Friday, April 24, 2015

Beyond Outrage (2012)

Directed by: Takeshi Kitano
Runtime: 1hr 52mins
Netflix, Google Play, Amazon Prime/Instant

If you thought Kitano's gangster character Otomo from his 2010 Yakuza film Outrage was dead, you'd be wrong. Despite a stabbing to the gut, he's back for Beyond Outrage. A sequel that makes Outrage a more complete film.

In Outrage we saw a significant amount of plotting, and back stabbing, and violence. Lots of violence. It was a bloody power struggle that left Kato (Tomokazu Miura) in charge of the Sanno clan. All he had to do to get to power was back stab enough people. By the start of Beyond Outrage he's built them up so big, they're impossible to ignore for the cops and at least one other Yakuza clan. It certainly doesn't help Chairman Kato's case that several of his underbosses aren't too pleased that he named Ishihara (RyƓ Kase), an outsider to the family (and the former second in command to Otomo, who he betrayed), his second in command.

Much like Outrage, this film involves lots of plotting, lots of people sitting around discussing things, and making threats if they feel their being slighted. I don't mean to make this sound like a negative, this intimate look at the inner workings of a Yakuza is interesting. Detective Kataoka (Fumiyo Kohinata) serves as the catalyst to all the goings on in this film. He's a self serving cop that wants promotions for dealing with the gangs. But he's also got back door dealings with these Yakuza in order to help influence the power struggles one way or another, in the hopes of rising in power and influence among them.

First, he tries to set up a meeting between a disgruntled underboss of the Sanno clan with the competing (but supposed secret ally) Hanabashi clan. However, once that goes south, Kataoka turns to Otomo. He gets him an early parole and arranges a meeting with his former enemy Kimura (who's face Otomo slashed in the first film). They make apologies and team up, then head to the Hanabashi clan for support in their fight against the Sanno clan. This leads to extended sequences of gun shots (mostly off camera) and dead bodies scattered across scene after scene.

It's a brutal movie in the sheer body count racked up by the end, but many (maybe even the majority) are killed off screen or in quick flashes of gunfire, which makes this one feel tamer than the previous film. What's difficult about this for the audience is that we aren't sure where Otomo and his new partner Kimura got their men, or who they're truly loyal to. And when it comes down to it, much of the second half of the film is nameless men gunning down other nameless men, and we're lucky if we can keep track of who's on which side. We have to wait a long time for anything of significance to happen to any of the characters we actually recognize.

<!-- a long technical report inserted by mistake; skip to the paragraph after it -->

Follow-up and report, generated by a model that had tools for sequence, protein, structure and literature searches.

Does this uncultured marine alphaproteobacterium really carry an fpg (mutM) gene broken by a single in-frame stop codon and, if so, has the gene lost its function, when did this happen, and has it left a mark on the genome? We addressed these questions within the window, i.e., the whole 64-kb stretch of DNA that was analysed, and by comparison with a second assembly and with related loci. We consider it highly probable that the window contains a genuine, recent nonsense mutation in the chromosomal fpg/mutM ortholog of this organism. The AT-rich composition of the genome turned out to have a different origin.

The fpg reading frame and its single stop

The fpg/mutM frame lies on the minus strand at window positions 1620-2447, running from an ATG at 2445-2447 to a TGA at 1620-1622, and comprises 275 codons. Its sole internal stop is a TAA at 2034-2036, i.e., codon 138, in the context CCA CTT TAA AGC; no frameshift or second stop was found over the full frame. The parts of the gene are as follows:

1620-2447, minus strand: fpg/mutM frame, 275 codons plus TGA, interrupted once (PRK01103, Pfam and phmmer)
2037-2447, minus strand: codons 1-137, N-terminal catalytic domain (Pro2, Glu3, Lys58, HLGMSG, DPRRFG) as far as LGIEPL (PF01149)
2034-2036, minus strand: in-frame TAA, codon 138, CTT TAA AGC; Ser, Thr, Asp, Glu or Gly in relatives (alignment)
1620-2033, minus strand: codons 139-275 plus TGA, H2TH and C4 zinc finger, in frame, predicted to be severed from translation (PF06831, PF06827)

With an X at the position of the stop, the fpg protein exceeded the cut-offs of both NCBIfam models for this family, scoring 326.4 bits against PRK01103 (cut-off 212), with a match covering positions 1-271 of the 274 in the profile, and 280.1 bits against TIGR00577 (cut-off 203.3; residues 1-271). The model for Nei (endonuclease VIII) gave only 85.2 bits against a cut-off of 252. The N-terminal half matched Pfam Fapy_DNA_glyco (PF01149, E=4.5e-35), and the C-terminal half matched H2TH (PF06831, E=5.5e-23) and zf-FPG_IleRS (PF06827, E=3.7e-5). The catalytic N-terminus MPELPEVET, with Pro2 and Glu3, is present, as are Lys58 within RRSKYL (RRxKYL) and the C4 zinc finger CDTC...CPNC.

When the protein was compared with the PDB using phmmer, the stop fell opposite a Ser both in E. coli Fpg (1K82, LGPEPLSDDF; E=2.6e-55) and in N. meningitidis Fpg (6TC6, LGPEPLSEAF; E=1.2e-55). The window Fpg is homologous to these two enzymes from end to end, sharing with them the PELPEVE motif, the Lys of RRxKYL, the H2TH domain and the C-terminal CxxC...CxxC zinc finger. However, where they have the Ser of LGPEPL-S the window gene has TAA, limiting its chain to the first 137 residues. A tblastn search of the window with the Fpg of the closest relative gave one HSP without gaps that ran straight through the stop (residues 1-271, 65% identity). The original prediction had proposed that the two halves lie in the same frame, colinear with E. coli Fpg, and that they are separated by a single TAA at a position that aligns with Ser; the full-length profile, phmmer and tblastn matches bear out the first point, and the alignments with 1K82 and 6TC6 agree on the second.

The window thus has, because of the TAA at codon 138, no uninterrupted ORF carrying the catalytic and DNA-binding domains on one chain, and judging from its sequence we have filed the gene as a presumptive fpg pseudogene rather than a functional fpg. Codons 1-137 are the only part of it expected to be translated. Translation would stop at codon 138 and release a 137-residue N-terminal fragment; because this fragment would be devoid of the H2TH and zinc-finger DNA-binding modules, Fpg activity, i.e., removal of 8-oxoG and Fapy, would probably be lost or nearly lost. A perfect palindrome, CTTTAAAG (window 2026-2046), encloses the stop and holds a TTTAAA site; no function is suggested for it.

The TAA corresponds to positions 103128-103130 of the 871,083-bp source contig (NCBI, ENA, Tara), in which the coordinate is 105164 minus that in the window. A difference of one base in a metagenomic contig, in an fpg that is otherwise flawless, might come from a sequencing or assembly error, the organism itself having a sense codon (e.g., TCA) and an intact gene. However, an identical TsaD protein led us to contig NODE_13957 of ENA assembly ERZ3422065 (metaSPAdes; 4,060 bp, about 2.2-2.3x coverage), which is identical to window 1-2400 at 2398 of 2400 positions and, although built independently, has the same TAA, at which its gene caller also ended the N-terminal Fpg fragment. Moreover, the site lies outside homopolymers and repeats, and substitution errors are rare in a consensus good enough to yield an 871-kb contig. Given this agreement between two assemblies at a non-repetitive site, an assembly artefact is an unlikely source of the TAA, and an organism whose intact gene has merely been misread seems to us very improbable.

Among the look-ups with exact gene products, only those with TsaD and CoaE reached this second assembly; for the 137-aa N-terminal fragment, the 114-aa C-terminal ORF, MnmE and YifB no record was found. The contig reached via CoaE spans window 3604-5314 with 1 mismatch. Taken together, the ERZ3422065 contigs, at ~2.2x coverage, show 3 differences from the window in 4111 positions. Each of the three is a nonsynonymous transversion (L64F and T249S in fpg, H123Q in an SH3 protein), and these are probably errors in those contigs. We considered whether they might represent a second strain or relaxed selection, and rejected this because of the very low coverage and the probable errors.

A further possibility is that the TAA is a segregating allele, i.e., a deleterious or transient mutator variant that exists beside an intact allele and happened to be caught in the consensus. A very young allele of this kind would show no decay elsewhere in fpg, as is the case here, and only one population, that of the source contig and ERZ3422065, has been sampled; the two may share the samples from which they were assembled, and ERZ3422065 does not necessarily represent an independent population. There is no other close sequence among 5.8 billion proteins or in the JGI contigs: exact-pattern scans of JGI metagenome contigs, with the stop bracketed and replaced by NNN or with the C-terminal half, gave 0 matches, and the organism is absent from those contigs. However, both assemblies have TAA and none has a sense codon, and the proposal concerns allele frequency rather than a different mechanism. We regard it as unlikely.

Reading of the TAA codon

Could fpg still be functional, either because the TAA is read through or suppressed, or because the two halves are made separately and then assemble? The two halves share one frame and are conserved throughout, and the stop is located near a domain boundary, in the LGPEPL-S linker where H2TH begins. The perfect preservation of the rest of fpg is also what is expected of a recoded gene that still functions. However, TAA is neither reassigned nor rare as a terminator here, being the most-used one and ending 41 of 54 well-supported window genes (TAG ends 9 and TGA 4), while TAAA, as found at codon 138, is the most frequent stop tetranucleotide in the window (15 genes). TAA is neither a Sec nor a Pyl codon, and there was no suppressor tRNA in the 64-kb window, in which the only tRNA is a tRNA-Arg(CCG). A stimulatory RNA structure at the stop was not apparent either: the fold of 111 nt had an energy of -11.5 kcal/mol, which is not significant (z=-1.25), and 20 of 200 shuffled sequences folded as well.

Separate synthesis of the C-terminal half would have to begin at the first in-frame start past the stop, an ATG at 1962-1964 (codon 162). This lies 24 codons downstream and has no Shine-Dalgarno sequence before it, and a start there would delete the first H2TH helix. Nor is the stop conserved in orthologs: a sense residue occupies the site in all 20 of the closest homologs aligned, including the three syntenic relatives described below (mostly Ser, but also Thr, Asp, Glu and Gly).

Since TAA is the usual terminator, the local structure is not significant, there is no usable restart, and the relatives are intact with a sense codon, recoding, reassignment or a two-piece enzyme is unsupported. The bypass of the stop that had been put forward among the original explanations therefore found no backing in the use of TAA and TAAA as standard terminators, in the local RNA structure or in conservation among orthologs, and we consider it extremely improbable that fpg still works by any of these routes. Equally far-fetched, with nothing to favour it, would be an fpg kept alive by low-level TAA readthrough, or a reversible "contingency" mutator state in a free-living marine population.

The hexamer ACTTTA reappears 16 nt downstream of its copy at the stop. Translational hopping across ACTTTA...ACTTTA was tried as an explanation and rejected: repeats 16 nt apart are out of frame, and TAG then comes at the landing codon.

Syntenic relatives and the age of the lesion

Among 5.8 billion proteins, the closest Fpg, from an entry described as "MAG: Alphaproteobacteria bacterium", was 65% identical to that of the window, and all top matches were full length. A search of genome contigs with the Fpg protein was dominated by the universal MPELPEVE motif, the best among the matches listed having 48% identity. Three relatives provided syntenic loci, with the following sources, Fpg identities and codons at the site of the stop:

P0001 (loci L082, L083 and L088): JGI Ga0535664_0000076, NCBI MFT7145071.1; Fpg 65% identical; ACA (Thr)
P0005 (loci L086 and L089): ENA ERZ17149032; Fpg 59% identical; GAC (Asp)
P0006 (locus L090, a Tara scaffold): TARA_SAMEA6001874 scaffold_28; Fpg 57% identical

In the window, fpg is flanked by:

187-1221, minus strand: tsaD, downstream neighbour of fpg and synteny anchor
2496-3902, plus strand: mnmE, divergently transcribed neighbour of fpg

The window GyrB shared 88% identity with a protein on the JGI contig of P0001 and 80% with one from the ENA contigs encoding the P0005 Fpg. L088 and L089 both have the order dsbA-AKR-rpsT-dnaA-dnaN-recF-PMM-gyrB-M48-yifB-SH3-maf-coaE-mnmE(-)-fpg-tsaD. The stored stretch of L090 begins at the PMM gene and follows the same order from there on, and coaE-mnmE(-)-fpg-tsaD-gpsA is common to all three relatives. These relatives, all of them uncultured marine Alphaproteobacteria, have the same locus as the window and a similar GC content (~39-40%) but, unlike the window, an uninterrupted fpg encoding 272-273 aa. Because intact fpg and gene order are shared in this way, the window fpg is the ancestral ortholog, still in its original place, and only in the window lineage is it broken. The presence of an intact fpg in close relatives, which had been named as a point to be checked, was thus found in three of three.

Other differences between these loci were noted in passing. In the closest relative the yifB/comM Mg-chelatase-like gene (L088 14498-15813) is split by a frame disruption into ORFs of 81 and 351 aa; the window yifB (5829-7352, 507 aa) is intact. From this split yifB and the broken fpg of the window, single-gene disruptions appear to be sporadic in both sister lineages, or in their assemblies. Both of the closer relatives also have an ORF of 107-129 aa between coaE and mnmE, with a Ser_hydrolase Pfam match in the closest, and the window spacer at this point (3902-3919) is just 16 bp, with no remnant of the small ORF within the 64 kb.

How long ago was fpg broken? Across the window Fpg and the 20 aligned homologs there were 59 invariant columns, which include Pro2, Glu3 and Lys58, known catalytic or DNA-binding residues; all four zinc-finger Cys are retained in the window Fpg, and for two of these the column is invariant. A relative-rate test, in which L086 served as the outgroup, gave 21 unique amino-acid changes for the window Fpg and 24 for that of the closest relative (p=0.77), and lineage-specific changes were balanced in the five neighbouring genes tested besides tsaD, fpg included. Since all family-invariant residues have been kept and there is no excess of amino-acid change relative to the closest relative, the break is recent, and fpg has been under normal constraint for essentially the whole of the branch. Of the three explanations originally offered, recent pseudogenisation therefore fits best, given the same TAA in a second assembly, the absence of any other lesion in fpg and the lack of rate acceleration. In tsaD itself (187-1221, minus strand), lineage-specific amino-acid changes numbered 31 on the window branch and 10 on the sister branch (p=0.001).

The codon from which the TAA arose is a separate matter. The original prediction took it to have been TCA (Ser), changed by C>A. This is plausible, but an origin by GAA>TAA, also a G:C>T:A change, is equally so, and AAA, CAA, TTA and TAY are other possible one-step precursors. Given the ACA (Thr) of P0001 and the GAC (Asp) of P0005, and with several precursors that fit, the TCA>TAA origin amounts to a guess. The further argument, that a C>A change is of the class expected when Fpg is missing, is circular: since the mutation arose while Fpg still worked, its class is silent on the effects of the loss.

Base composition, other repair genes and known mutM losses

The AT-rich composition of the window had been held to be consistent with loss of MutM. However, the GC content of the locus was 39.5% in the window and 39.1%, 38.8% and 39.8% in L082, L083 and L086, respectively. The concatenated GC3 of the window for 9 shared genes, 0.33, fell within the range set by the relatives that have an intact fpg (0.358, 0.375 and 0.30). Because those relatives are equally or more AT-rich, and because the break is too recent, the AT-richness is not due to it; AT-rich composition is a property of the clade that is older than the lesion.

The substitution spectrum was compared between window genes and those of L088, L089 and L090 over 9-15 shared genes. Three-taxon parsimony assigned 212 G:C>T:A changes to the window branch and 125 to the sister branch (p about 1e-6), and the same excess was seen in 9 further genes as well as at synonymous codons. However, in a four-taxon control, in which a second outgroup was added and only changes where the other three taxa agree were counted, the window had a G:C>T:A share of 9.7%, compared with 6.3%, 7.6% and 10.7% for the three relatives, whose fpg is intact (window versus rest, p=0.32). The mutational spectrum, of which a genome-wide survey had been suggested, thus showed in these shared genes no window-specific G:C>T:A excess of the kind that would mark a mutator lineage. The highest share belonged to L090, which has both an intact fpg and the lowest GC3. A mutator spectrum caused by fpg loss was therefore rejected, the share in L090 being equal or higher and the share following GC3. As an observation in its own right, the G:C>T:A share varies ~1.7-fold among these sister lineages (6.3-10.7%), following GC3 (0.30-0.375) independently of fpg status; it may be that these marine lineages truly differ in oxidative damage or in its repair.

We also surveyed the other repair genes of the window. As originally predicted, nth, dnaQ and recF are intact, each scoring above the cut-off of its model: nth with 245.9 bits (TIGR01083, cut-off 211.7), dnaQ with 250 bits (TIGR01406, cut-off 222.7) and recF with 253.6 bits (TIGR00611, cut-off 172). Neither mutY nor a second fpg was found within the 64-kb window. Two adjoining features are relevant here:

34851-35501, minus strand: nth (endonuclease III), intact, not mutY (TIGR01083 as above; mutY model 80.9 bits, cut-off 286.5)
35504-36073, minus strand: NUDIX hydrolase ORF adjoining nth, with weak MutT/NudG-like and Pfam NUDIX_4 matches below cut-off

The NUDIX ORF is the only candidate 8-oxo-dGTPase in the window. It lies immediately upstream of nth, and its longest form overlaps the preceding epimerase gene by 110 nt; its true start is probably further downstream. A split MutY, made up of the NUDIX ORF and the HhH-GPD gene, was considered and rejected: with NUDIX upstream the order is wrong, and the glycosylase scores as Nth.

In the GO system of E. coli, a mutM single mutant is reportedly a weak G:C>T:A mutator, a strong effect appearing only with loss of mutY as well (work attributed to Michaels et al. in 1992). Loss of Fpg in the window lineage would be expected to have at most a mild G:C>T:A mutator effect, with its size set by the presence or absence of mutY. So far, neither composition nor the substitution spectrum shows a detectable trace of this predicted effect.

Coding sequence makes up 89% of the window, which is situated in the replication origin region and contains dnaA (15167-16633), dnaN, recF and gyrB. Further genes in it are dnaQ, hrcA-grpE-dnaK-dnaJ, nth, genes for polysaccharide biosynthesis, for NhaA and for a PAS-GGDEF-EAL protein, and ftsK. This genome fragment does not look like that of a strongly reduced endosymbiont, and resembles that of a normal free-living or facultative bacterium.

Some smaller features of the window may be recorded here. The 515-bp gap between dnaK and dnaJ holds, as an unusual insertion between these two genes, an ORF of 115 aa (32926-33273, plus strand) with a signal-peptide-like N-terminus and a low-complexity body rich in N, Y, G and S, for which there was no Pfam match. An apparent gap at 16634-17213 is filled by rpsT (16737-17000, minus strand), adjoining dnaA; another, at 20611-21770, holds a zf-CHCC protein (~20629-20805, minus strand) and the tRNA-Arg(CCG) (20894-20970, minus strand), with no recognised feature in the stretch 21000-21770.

There just isn't enough characterization to go around considering the number of people populating this story. The few faces we recognize, and can put a name to (particularly Otomo, Kimura, and Chairman Kato), feel like they've taken a back seat at times. They rarely get in on any of the action.

If you combine Outrage, and Beyond Outrage into one, long movie, it tells an interesting tale of a crime boss who rose to power by secretly betraying everyone around him, but the few remnants that remain of the old crew rise up to tear him down for his crimes against the family. While that's an interesting story, when it's broken into these two parts, neither feels particularly strong without the other. Not to mention the fact that all the characters are murderous criminals with little, if any, redeeming qualities. It's hard to know who to root for, and you'd be hard pressed to bother caring about anyone. Mostly you'll just have to try to decide who you hate the most and hope they don't win in the end.

Despite my feelings about these two films, I love Takeshi Kitano and his body of work overall. He is a talent I'd like to see working more often, and in more varied genres. He's proven over his career that not only does he have a knack for Yakuza films (see Sonatine), but he can make a good comedy too (see Takeshi's Castle game show (better known in the states as MXC), and his wonderful, touching 1999 film Kikujiro). Beyond Outrage, and it's predecesor Outrage aren't bad films when put together, but they also aren't among his best work. Nevertheless his is a name in Japanese cinema that can't, and shouldn't be ignored. Let's just hope in the future he gives us more Kikujiro, and less Outrage.

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